Indigenous communities benefit from improved production techniques

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Equipment inside the farine-processing factory at Wowetta (DPI photo)

LOCAL indigenous communities in the Rupununi region are benefiting from improved production techniques aimed at empowering their residents.

For the past four years, Canadian development organisation Cuso International has recognised the importance of cassava production in empowering and sustaining these communities. Consequently, it has been helping to develop appropriate systems for processing cassava as food fit for long-term storage as well as other products.

In so doing, the Government of Canada through Global Affairs Canada (GAC) and the Canada-Caribbean Disaster Risk Management Fund (CCDRM) supported this process by co-funding development of two farine-processing facilities in Wowetta village, North Rupununi and Moco Moco village, Central Rupununi, in Region Nine.

According to information from Cuso, “The goal is improvement of product variety and standards acceptable for not only local, but national and international markets.”

Furthermore, it noted that the specific objectives of the projects are to provide opportunities for each community to stockpile at least 10,000 pounds of farine for natural-disaster preparedness.

This was specifically identified since the Rupununi region is prone to extreme dry spells that can last at least six months. This is compounded by floods, which makes the region highly vulnerable to the vagaries of weather associated with increasing climate-change phenomena.

The facilities aim to supply households within the communities, or at the nearest business hub, Lethem in Central Rupununi. The release noted however, that through assured consistency and quantity in production at the Wowetta and Moco Moco farine-processing facilities, community members have opportunities to sell raw materials for income-generation.

The farine-processing facilities at Wowetta and Moco Moco combine the evolution from the traditional processing environment, to use of a mechanised, monitored system with the stellar indigenous knowledge of the cassava.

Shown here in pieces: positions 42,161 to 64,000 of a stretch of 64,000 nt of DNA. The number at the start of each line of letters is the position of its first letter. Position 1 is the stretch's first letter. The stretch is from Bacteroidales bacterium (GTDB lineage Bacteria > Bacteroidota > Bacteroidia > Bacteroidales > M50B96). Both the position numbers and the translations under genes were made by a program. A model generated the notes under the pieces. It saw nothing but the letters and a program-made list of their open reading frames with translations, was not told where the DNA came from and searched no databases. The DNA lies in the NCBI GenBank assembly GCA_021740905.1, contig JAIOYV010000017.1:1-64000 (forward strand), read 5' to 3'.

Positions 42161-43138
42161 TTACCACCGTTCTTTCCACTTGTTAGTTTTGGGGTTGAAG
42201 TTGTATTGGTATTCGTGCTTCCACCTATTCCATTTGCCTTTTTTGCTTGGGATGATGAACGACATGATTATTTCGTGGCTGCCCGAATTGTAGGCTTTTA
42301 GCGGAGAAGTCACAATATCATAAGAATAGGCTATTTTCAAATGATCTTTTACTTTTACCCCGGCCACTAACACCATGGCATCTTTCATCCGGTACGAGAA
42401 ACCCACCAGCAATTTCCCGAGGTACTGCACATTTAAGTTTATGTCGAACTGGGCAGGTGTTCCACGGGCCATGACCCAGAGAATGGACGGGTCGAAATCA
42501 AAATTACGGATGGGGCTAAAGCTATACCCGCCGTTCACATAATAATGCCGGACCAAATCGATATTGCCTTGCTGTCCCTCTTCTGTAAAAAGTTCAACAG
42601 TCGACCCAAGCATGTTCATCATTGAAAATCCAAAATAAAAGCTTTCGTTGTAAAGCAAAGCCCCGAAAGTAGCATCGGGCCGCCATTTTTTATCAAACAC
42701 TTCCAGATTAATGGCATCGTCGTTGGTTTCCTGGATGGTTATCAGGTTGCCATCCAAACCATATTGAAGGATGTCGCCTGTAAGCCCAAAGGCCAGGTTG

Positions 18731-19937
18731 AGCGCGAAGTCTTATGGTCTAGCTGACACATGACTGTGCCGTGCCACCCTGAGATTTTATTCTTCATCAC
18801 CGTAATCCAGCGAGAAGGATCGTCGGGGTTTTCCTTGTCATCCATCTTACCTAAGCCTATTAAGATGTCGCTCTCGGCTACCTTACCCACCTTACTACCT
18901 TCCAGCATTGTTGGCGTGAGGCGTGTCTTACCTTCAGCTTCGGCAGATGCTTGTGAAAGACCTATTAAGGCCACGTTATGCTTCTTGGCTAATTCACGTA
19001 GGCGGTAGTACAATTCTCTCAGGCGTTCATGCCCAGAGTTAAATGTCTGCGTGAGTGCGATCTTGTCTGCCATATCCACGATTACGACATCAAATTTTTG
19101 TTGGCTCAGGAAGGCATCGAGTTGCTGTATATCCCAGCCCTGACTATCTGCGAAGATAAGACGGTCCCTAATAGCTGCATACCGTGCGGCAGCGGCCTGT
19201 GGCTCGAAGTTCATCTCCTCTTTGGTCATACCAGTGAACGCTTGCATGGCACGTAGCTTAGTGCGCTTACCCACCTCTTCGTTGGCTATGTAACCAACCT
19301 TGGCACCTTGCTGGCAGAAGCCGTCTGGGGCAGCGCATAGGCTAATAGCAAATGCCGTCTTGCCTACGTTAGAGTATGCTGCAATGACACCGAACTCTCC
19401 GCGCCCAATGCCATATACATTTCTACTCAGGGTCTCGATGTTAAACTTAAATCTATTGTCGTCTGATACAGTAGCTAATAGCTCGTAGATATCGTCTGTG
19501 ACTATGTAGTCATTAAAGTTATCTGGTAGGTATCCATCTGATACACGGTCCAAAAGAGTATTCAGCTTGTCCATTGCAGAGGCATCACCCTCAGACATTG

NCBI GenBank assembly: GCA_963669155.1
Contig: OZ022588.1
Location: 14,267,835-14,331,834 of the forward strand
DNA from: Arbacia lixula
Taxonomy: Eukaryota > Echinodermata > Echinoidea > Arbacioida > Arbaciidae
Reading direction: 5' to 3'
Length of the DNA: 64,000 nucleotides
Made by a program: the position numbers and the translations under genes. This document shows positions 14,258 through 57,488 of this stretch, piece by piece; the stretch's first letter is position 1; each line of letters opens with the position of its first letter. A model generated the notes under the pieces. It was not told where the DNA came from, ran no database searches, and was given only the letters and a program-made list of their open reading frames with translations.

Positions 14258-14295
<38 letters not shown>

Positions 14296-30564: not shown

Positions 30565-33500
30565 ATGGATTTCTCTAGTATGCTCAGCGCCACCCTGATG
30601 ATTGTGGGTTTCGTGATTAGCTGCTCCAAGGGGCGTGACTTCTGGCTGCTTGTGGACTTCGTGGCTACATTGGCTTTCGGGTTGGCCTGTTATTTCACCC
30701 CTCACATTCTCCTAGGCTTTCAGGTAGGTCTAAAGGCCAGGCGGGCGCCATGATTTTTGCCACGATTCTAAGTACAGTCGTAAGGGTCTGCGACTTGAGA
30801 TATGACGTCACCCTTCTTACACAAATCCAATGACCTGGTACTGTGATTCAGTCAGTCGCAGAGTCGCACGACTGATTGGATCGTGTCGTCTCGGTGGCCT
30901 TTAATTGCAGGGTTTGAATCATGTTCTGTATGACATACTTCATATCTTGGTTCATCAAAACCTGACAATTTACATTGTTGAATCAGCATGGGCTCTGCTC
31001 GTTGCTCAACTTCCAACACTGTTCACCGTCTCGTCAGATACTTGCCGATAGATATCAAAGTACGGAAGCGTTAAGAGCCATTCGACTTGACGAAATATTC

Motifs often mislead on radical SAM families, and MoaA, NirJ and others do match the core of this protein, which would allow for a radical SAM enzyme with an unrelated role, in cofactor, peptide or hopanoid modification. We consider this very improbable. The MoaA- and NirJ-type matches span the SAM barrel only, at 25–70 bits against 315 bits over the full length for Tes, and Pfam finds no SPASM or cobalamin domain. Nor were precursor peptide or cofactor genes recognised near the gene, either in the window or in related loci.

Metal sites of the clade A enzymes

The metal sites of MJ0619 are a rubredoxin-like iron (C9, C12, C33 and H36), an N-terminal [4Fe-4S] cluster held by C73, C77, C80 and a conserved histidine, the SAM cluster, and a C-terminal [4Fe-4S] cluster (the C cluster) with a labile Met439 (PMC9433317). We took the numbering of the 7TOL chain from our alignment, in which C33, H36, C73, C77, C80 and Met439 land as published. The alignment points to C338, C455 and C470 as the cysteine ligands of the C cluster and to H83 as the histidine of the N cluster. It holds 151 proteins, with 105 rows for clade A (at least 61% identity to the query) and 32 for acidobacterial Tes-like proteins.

The facilities are also encouraging local research, based on the experience generated during processing, to foster project expansion.

And the knowledge garnered will be used in agro-forestry production systems to promote environmental protection, enhance new farming systems, and promote a green economy.

New farming technologies that aim to improve and increase the production cycle per unit of farm area are also being encouraged, such as planting pigeon peas in the cassava crop system.

“It is a new practice and its adoption still induces some skepticism; but at least through this project, both communities introduced it in the crop cycle for further monitoring.”

According to the toshao of Moco Moco village, “We tried, in our own way, but we never imagined we would have such a facility here…. We waited for so long.”

The community has tried to establish a smaller facility earlier.

“These two farine-processing and storage facilities have now begun, but certainly not done. Despite the initiatives, the projects need further support to improve access to markets, product development, especially with respect to packaging, product nutrition value analysis, and the microbiological analysis associated with the process of fermentation during the production process,” the release noted.

The next stage of the project will involve crafting a business model for those interested in operating businesses from cassava root, to off-shoot possibilities for enabling and enhancing lives and communities.